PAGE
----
The BG110 was the last of the 3½-litre Roesch Talbots, and this rare survivor is one of only 89 completed. Almost all of Talbot's tourers were bodied in house with steel panelling apart from the 13 or 14 3½-litre tourers bodied in aluminium by Vanden Plas. The latter's body was much lighter, releasing more of the chassis' potential, as well as being both slimmer and considerably more stylish than Talbot's offerings.
The example offered here chassis number ‘4509’ has added as the significance as the very first BG to be fitted with this coachwork, as such interestingly it is the only example to not have a swage line on the front and rear wings and has a unique dashboard layout (both shown in period images). Built to be exhibited for the 1935 Motor Show which it was not ready in time for, instead it was tested by Motor magazine in July 1936 on the road and at Brooklands where a speed of 94mph was achieved, in this article ‘CGP 128’ was described as “A real sports car in design, performance and appearance”.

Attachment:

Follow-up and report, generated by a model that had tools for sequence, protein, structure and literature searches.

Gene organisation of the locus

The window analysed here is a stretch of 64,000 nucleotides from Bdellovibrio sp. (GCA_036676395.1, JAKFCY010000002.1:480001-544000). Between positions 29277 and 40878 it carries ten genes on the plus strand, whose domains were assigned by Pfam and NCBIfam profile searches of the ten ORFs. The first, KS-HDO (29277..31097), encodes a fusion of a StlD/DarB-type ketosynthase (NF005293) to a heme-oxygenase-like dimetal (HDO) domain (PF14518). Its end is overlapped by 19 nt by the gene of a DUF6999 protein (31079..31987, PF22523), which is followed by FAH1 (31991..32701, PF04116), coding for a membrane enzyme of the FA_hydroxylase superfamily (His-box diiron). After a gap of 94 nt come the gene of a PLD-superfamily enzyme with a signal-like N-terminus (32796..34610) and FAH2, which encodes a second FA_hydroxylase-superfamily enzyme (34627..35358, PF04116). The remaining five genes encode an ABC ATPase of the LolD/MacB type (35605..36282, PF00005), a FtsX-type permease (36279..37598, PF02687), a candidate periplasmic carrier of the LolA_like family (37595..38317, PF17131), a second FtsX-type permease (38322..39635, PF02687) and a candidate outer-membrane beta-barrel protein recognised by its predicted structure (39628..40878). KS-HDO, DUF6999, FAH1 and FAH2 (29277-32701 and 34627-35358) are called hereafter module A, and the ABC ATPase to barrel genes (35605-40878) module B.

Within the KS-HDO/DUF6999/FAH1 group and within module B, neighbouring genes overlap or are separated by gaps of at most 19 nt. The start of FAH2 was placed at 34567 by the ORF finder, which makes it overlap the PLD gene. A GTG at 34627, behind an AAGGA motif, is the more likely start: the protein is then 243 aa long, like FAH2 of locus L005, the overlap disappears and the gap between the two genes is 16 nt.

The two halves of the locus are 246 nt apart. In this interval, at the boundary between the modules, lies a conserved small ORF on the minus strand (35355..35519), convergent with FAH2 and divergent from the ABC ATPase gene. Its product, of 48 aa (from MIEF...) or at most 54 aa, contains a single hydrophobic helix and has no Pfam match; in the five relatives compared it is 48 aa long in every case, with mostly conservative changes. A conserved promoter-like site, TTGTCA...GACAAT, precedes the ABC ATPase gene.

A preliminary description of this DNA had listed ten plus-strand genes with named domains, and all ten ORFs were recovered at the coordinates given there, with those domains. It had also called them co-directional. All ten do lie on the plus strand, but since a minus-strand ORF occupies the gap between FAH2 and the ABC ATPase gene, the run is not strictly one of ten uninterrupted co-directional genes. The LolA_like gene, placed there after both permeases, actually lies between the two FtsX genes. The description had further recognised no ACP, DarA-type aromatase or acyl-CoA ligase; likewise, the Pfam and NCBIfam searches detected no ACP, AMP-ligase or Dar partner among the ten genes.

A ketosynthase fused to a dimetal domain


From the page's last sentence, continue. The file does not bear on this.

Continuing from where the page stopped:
The unusually complete history file of this car contains the cars original buff logbook amongst many other fascinating period documents. This lists the first owner as Clement Talbot Ltd in 1935, as one would expect for a prototype/press car such as this, ‘CGP’ subsequently passed to famed Talbot dealers Warwick Wright of New Bond Street in September 1936, who rapidly sold the car onto the first private owner John Edwards. Edwards retained the car until 1945 when it passed to Arthur Blight, a surname which thanks to his son Anthony was to become synonymous with the Talbot marque. Up to this point Blight senior had been an ardent W.O. Bentley and then BMW man but the performance and elegant lines of ‘CGP’ saw his allegiance change. The car was to remain with the Blight family for some years, indeed Anthony Blight took his driving test in the car, the first step in a lifetime of Talbot driving that would see not only countless race and rally wins aboard the marque, but also to the writing of what is still today the standard work on the marque and assembling a collection of all of the significant Works Competition Talbots.